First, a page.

In the 1910s the Retail Master Dairymen's Association controlled the majority of the Melbourne and suburban supply as well as milk pricing. A Milk Board Act in the 1930s provided for a Board to regulate metropolitan milk supplies, replacing the more independent operation of individual licensed dairies. From 1951 the Board purchased milk from farmers for resale to dairies for distribution. The Victorian Dairy Industry Authority replaced the Victorian Milk Board in 1977. A sample of inner-suburban dairy numbers in 1963 indicates a significant reduction from comparable figures of four decades earlier: Caulfield (12), Footscray (11), Essendon (8), Coburg (7), Melbourne (5), Northcote (5), Brighton (4), Richmond (3), Brunswick (3) and Collingwood (1).

In 1950 53.8% of Melbourne's milk was pasteurised; a Milk Pasteurisation Act was introduced in 1958, the same year that milk cartons were first introduced. The old pint bottle was replaced in 1975 by the 600 ml bottle, at around the same time that most suburban milkmen had stopped their home deliveries. By the late 1980s only 2% of milk was still sold in bottles. In the 1950s and 1960s clever marketing sold milk as an adult food or drink and the whey products were more commonly used in skim milk, milk powders and casein, all of which had a huge overseas market. Small farmers were persuaded to leave the business and those left were encouraged to increase herd numbers through a focus on breeding programs. Today most herds in Victoria use high-yielding strains such as Friesians. The huge co-operatives have gone and a few large companies dominate the industry, but Victoria remains the major milk producer within Australia with a large portion of the overseas market.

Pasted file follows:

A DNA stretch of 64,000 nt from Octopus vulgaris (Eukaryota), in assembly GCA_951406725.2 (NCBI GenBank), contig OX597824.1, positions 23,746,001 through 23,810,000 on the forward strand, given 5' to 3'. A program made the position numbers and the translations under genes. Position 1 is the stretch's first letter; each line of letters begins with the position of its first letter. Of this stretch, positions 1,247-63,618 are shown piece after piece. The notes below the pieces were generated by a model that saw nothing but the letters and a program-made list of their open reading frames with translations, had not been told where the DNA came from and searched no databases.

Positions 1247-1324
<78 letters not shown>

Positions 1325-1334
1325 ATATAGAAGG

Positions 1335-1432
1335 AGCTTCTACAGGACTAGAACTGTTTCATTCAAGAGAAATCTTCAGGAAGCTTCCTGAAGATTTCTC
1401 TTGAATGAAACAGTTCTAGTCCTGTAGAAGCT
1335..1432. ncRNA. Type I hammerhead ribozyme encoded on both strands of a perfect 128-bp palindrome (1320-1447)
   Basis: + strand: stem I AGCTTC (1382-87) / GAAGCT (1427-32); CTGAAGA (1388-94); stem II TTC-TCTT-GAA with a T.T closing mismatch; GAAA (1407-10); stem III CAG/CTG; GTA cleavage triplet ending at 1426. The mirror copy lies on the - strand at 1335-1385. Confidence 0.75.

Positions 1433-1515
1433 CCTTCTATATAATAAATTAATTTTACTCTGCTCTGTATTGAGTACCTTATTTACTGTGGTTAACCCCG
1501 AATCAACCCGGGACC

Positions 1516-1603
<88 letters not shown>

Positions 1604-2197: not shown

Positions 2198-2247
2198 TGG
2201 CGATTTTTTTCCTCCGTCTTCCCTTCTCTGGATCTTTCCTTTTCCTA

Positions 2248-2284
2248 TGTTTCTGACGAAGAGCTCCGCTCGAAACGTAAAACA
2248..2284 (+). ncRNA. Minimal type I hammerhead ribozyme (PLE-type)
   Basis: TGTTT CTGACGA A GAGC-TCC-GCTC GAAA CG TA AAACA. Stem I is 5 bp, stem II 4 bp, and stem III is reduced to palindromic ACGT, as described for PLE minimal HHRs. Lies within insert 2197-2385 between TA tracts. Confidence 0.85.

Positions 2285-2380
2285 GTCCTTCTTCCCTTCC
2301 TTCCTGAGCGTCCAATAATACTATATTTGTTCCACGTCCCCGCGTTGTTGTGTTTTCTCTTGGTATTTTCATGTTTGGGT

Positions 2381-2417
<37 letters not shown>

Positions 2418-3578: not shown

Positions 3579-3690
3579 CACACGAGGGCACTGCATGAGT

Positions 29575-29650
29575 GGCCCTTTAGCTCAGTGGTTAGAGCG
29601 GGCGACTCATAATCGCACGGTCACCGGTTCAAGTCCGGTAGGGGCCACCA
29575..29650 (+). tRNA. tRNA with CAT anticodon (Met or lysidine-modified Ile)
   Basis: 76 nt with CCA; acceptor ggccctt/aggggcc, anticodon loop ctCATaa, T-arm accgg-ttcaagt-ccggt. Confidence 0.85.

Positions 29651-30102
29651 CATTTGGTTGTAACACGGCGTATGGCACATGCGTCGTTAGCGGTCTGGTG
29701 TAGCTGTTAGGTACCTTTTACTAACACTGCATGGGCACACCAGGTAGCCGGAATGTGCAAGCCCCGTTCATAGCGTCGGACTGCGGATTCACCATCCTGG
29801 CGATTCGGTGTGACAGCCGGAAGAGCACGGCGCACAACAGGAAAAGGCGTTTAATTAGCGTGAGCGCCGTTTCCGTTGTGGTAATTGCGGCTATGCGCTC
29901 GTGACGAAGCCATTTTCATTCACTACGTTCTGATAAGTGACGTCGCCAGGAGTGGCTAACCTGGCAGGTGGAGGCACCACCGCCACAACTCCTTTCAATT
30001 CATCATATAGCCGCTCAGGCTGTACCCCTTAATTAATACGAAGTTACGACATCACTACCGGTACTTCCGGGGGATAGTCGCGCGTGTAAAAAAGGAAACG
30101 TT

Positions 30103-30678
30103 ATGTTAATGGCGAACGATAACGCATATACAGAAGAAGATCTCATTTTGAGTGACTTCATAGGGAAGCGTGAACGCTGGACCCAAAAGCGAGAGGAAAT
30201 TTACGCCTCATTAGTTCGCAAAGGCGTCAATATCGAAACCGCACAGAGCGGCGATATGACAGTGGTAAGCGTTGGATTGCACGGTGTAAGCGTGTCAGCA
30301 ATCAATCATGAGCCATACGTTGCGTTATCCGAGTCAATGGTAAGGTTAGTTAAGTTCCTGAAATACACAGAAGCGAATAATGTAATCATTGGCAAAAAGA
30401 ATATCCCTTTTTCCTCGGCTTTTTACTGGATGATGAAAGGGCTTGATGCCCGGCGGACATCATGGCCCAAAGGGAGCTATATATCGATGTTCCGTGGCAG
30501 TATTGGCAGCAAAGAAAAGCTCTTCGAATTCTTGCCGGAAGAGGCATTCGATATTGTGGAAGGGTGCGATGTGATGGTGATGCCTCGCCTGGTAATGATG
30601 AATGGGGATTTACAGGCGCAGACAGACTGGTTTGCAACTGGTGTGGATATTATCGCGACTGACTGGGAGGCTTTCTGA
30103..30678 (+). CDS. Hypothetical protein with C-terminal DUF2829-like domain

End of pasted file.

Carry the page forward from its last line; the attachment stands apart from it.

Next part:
Jan Penney And Andrew Brown-May

Vines, Gary, Farm and dairy: The agricultural and dairy farms of Melbourne's west, Living Museum of the West Inc, Melbourne, 1993. Details